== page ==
An interview with Father Martin Newell, activist

This is a collaborative article written by Katharina Karcher and Preti Taneja

On 30th November, as world leaders converged in Paris for the climate summit, a Catholic priest called Father Martin Newell was arrested outside the UK’s Department for Energy and Climate Change (DECC) for vandalism. Along with four other protestors from Christian Climate Action, he whitewashed the department’s walls and re-branded them with the words ‘Dept for Extreme Climate Change’ in large black letters. Then he knelt on the street with his fellow campaigners and prayed.

Ruth Jarman, one of his fellow protestors, said she hoped their action would inspire ‘a holy rage’ in people to ‘resist climate ignorance and denial,’ and to realise that ‘underneath the hypocritical whitewash of fine talk on climate are DECC policies that lead to death.’ Their stark moral and ethical message was met with the chilly banality of the law: the five were charged for ‘criminal damage’ to the government building and ordered to appear before Westminster Magistrate’s Court.

For Father Martin, 48, this was nothing new: he has been arrested over 20 times in the last 18 years. From protesting as a young student against the Poll Tax in 1989, to anti-nuclear protests in the mid-1990s and being arrested several times since 2010 for campaigns against drones, each arrest has been the result of campaigning for social justice. Over the years he has been charged with criminal damage, trespass, even burglary.

Dr Katharina Karcher met Father Martin Newell at a non-violent direct action protest against drone warfare in January 2015, where she and three other protestors were arrested. While they were in custody, Martin dealt with press inquiries and reassured their friends and families. He attended their trial in October 2015 and provided vital support throughout the court proceedings.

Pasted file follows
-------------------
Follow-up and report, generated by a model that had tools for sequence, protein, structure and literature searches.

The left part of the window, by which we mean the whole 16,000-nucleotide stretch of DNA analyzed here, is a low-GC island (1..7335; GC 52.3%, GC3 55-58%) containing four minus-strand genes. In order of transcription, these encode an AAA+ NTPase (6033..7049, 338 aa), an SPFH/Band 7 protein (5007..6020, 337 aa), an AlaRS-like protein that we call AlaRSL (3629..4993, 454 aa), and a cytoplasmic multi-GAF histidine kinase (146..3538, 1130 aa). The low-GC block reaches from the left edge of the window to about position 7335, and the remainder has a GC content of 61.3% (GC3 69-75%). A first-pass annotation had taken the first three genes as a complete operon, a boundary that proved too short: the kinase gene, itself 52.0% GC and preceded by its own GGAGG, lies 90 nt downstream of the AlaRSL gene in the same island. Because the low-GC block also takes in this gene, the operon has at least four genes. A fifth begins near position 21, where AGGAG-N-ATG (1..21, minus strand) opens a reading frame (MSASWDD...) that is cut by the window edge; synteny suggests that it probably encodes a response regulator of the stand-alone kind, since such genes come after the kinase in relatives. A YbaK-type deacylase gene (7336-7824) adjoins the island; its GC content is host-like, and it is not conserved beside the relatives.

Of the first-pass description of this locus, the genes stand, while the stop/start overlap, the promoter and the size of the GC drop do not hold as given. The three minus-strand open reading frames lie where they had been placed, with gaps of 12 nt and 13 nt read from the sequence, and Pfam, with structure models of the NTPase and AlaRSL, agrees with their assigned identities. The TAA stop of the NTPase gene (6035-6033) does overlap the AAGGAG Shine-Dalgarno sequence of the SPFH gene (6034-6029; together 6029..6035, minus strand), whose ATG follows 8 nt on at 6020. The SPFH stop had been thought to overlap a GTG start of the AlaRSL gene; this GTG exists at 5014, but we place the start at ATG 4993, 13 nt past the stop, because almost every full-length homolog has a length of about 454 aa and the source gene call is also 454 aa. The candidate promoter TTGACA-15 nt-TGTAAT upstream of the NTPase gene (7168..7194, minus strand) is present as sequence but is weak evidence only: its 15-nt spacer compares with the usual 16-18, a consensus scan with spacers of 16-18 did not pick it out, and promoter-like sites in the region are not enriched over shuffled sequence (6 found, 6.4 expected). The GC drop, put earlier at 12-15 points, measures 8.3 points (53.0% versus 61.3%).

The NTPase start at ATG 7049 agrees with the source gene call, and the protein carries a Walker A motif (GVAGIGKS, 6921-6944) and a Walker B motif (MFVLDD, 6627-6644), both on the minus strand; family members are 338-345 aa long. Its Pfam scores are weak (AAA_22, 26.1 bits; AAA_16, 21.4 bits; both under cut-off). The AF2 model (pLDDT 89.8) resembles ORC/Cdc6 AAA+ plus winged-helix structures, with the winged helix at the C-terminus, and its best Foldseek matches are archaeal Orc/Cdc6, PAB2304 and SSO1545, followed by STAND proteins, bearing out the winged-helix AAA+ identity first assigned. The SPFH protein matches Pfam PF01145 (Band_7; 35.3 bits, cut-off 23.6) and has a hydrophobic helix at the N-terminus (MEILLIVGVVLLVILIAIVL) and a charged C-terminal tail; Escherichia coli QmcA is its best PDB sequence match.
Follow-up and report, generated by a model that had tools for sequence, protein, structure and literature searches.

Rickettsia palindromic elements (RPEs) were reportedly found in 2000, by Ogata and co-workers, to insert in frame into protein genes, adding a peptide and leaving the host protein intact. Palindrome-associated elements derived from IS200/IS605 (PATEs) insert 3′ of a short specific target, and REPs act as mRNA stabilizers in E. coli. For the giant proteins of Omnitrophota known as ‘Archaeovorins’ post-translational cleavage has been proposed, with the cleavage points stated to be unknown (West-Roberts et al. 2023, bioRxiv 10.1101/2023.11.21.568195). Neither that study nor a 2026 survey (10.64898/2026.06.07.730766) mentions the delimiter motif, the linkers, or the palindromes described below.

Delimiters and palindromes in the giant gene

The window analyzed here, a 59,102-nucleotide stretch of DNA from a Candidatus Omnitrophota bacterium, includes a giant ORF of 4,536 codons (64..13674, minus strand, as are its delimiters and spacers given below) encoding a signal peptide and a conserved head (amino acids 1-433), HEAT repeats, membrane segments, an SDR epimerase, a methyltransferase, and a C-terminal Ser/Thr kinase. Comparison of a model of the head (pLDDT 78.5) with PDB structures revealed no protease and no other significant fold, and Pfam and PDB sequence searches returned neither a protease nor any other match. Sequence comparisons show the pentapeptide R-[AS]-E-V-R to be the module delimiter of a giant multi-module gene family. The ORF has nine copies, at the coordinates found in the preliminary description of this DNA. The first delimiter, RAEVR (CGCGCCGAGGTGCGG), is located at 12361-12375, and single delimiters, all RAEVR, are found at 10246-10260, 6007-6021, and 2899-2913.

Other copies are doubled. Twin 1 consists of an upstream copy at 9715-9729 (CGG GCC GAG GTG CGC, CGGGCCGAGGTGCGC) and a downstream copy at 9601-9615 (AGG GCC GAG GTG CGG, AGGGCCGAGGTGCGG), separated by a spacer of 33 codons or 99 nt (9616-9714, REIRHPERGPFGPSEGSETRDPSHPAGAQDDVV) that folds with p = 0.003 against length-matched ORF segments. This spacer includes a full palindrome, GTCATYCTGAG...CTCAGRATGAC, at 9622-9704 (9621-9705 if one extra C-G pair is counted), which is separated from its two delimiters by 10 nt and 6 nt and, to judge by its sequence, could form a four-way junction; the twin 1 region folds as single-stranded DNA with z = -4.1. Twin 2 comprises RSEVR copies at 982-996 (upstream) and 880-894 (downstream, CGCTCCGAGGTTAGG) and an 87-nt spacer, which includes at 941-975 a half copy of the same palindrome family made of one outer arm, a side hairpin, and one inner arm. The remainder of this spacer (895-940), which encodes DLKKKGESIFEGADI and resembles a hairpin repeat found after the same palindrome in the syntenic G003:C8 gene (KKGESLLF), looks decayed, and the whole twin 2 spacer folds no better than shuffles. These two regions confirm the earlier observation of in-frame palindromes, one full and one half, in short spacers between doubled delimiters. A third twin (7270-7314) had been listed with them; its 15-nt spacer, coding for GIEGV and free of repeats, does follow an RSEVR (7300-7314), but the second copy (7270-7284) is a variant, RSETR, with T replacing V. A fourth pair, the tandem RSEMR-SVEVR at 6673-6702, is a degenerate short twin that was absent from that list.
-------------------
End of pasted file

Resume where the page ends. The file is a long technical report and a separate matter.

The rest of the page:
In her interview with Father Martin, he reveals the political side of the Catholic Church and his own lifetime of activism inspired by faith.

Why did you feel compelled to protest at the DECC in November?

We are at a crucial point. Globally, temperatures have already reached one degree above pre-industrial levels. For those of us who have agonised over what climate change will do to our planet, and all the people and life on it, especially the poorest, we are beginning to find out. The conflict in Darfur, Sudan started over drought and water supplies. A major factor in starting the war in Syria was the effects of drought. Many of the African refugees coming to Europe are in effect climate change refugees. Here in Birmingham, where I live these days, still with refugees, they tell me of extra-ordinary temperatures, droughts and deaths from so many places around the world. We all, myself included, need to wake up to what is already happening to our world, make urgent changes and take urgent action. We have all been asleep too long. This action for me is an act of penance, a sign of repentance, a call to myself as well as others to change, a sign intended as a wake up call.

Fr Martin Newell at DECC protest by Carmel King

Photo by Carmel King

How did you become an activist?

I was twelve years old in 1979 when Maggie Thatcher became UK Prime Minister, but if I could have voted, I would have voted Tory – my Dad was a Daily Mail reader, and I followed that. Really, I had a religious ‘conversion experience’. I was a religious Catholic, also open to other versions of Christianity. I read a couple of books I was given – “Rich Christians in an Age of Hunger” by Ron Sider, “The New Radical” by Jim Wallis (both radical Evangelical Christians). I spent two months volunteering during a university student summer holiday at the Ashram Community, a Christian community in Sparkbrook, inner city Birmingham, my first experience of a deprived area, and a Muslim context. I also heard Jim Wallis speak while I was at the Ashram Community. Then I spent a week at a youth retreat centre in France called Taize (I knew nothing about any of these beforehand). I had a crisis of faith, and realised that social justice and peace, the ‘option for the poor’, ‘living simply’ and therefore politics, were (or should be) central aspects of Christian life.